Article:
Hiking avatar Aug 29 2003
OlenWhitaker
Hiking8.00 Miles 2,256 AEG
Hiking8.00 Miles   3 Hrs   50 Mns   2.09 mph
2,256 ft AEG
 no routesno photosets
1st trip
Linked none no linked trail guides
Partners none no partners
Great all around hike. Not too short, not too long, not too steep, but enough of a vertical to be a respectable workout. The view from the summit is superb. Several side trails and a road to the top give a multitude of options. The lookout let us into the lookout tower; the view was magnificent. The air was clear and clean; we could see the grand canyon's north rim and many other distant features. The sight line was probably close to 100mi. The hike up is very lush. Definitely recommended.
_____________________
Aug 22 2003
OlenWhitaker
avatar

 Guides 2
 Triplogs 14

39 male
 Joined Jun 14 2003
 Ouray, CO
Humphreys B-24 Bomber Crash SiteFlagstaff, AZ
Flagstaff, AZ
Hiking avatar Aug 22 2003
OlenWhitaker
Hiking6.00 Miles 1,680 AEG
Hiking6.00 Miles   3 Hrs   45 Mns   1.60 mph
1,680 ft AEG
 no routesno photosets
1st trip
Linked none no linked trail guides
Partners none no partners
I was pleasantly surprised at finding the wreck on my first try, without any back-tracking or other special effort. Big thanks to everyone who posted directions, especially AZHiker96 for the compass heading info, and Sredfield for the "turn left at the third switchback that turns south at the rock field," tip. I remembered that rock field from my trip to the summit, so it was no problem to find it again. From there I just followed the contour as best I could (not easy on that undulating terrain) and ran right into it after around 15 to 20 minutes. I think I actually gained about 100ft., but it was hard to tell for sure.

The rockfall on which the wreckage is located is steep and mostly treeless, so the views are long and spectacular. Just about the time I got there, it started raining, and within a minute or two it was hailing furiously. Although annoying, it lent the site a suitably malevolent presence. The hail hitting the hollow metal parts of the plane made a cacophonous roar. Most of the hail was only pea size; it stung but it wasn't bad. I did take a few shots from dime and quarter size chunks that kinda hurt.

It took what seemed like hours for me to scramble down and across the now rain slicked and ice covered rocks to the shelter of the trees amidst the ferocious volley of hail. Getting back to and finding the trail actually proved more challenging than finding the wreck. The rain had softened the ground considerably and much of the steep slope that I had scrambled over on my way in was now falling away under my feet. I took a couple of minor tumbles when I lost purchase. The rain and abundance of hail on the ground also changed the look of the place and at one point I began to wonder if I was at the right altitude. I was starting to suspect that I was too high. Before long, however, I found the rock field next to the trail and discovered that I was actually about 100ft. too low.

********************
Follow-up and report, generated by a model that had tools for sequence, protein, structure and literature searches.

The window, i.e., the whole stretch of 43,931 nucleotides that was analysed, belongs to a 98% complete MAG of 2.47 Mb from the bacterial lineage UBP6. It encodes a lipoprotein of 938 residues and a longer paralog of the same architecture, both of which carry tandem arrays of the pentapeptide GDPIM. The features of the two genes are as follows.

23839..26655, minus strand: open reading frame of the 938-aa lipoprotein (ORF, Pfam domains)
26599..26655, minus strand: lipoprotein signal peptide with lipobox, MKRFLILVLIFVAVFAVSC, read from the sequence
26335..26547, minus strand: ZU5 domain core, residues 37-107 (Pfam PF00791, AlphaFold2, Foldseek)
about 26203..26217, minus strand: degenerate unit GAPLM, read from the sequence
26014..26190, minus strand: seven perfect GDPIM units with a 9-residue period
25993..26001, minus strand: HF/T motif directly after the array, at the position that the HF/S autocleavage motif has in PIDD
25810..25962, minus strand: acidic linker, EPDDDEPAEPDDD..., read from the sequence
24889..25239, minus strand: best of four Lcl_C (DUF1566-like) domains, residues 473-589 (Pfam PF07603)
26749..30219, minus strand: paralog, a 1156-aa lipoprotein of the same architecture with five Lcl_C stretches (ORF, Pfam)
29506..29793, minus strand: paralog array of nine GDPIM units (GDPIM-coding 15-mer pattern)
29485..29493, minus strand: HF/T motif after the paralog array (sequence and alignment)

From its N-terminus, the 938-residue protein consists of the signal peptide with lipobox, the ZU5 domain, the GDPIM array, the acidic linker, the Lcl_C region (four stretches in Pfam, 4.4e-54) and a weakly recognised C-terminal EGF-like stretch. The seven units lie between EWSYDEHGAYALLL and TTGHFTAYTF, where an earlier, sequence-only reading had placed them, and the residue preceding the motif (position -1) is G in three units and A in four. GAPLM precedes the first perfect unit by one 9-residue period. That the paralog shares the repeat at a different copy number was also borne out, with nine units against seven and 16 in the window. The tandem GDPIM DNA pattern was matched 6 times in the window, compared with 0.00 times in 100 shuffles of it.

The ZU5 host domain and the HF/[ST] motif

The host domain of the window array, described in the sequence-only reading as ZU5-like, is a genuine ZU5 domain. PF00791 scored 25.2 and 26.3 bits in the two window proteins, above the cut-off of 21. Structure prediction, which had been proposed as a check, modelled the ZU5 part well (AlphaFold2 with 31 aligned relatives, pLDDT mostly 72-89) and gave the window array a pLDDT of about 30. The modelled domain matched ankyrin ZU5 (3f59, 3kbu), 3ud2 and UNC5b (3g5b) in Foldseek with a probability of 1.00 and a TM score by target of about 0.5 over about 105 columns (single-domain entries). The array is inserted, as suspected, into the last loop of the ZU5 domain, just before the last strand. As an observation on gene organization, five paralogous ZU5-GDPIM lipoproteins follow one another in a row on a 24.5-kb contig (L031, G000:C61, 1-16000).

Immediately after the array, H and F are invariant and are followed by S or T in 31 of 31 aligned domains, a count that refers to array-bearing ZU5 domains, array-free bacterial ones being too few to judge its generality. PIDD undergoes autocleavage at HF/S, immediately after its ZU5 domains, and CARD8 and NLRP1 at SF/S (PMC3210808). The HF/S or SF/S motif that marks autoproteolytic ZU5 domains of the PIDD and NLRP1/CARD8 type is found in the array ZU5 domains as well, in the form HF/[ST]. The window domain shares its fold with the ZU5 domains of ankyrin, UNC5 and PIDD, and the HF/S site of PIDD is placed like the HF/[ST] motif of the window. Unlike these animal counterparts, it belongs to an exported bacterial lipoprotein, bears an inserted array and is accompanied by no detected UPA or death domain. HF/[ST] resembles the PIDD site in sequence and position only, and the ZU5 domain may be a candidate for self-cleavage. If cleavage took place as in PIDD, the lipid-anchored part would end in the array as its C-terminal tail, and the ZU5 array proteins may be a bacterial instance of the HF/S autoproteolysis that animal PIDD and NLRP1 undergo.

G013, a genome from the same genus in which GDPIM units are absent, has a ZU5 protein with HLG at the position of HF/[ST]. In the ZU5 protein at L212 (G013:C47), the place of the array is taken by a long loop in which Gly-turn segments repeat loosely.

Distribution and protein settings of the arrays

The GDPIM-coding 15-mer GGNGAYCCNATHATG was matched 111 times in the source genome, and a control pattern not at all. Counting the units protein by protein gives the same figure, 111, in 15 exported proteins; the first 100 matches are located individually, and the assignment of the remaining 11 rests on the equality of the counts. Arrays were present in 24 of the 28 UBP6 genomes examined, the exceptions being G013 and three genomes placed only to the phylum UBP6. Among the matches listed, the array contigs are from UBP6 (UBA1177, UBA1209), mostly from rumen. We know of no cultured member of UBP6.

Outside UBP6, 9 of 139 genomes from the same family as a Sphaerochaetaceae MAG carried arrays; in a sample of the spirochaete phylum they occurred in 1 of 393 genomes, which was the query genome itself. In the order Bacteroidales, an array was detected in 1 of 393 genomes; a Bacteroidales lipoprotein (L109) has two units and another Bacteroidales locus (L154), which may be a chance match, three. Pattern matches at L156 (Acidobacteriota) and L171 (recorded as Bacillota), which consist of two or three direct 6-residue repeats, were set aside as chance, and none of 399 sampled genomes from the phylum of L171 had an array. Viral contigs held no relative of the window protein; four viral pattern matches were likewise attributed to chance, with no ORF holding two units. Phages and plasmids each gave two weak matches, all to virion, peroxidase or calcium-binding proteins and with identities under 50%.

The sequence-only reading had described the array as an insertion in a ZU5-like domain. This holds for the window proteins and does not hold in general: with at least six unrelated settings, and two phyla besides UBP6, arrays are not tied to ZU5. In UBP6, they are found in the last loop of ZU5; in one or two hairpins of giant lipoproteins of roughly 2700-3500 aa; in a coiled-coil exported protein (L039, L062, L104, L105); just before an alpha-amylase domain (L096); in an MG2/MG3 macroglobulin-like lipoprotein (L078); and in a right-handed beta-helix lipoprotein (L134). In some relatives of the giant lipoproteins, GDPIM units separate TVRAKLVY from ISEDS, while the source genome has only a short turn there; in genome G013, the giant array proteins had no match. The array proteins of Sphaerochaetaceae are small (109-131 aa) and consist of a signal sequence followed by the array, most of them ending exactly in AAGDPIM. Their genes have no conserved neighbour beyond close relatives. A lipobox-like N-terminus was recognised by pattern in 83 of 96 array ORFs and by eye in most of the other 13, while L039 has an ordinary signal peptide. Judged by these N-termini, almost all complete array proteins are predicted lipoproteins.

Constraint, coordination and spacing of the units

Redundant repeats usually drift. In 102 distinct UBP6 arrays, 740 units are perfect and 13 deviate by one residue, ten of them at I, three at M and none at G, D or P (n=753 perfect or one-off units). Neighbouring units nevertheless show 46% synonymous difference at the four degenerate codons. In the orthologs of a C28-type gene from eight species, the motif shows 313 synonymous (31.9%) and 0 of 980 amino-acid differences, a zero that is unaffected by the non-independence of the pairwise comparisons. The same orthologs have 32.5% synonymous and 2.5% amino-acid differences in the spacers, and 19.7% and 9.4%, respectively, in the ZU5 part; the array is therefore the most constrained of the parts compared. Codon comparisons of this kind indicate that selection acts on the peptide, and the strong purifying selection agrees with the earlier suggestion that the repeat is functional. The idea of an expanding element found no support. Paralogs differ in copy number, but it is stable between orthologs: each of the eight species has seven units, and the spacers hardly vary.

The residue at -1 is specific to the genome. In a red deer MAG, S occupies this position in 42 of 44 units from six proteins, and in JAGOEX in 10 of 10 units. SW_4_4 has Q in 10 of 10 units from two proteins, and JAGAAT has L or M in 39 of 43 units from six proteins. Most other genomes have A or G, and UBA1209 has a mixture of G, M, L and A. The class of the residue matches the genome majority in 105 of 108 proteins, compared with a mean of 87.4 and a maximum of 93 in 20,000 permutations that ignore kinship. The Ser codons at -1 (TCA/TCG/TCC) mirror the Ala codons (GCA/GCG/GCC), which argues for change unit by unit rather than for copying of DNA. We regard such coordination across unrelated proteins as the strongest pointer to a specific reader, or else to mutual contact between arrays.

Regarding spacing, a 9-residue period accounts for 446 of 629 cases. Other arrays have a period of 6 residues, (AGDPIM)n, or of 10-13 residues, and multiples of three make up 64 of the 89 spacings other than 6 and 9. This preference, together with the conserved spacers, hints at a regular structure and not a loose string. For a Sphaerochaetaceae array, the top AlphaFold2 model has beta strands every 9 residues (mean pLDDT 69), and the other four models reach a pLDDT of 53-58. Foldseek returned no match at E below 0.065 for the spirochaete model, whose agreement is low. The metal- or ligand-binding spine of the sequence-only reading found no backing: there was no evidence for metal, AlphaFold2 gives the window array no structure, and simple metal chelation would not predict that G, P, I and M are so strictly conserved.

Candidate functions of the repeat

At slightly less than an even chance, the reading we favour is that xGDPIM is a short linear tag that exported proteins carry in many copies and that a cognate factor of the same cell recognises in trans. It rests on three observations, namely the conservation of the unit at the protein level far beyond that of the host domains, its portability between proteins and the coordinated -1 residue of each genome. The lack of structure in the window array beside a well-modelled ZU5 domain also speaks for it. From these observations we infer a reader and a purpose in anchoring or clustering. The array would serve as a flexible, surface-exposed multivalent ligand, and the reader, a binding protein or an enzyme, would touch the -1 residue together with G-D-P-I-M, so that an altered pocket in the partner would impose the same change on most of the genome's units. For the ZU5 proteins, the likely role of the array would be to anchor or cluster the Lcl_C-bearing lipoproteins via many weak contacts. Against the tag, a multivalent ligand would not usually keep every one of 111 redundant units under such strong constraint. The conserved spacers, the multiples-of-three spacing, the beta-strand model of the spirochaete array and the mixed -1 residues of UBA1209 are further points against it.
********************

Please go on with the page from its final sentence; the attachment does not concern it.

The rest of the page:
I scrambled up, recovered the cache of gear I'd left near the switchback and headed down. The trail was super-slick from the mud, but that part of the trail isn't that steep so aside from slowing me down a bit, it didn't hurt anything. I think I got filthier on this hike than any I've ever done before. Several times on the way back from the crash site to the trail, I had to dig my hands into the mud up to my thumbs to get enough of a purchase to make it up some of the steeper parts of the big drainage you have to cross. The foul weather only made the adventure that much more exciting, though. I'm looking forward to going back when the weather's better.
_____________________
Aug 14 2003
OlenWhitaker
avatar

 Guides 2
 Triplogs 14

39 male
 Joined Jun 14 2003
 Ouray, CO
Loy Canyon Trail #5Sedona, AZ
Sedona, AZ
Hiking avatar Aug 14 2003
OlenWhitaker
Hiking7.00 Miles 1,744 AEG
Hiking7.00 Miles   3 Hrs      2.33 mph
1,744 ft AEG
 no routesno photosets
1st trip
Linked none no linked trail guides
Partners none no partners
Some friends and I started out from the upper end at the rim of the canyon and hiked down to the bottom of the canyon. It starts out gently and then drops fast through a few long, steep, rocky switchbacks. The views are great, and there are some super campsites in the general area (Note: I'm pretty sure camping is not permitted in the canyon itself.) It rained almost the whole time, but the rain made the already colorful rocks turn even more dazzling shades of red, as well as adding something intangible to the whole trip.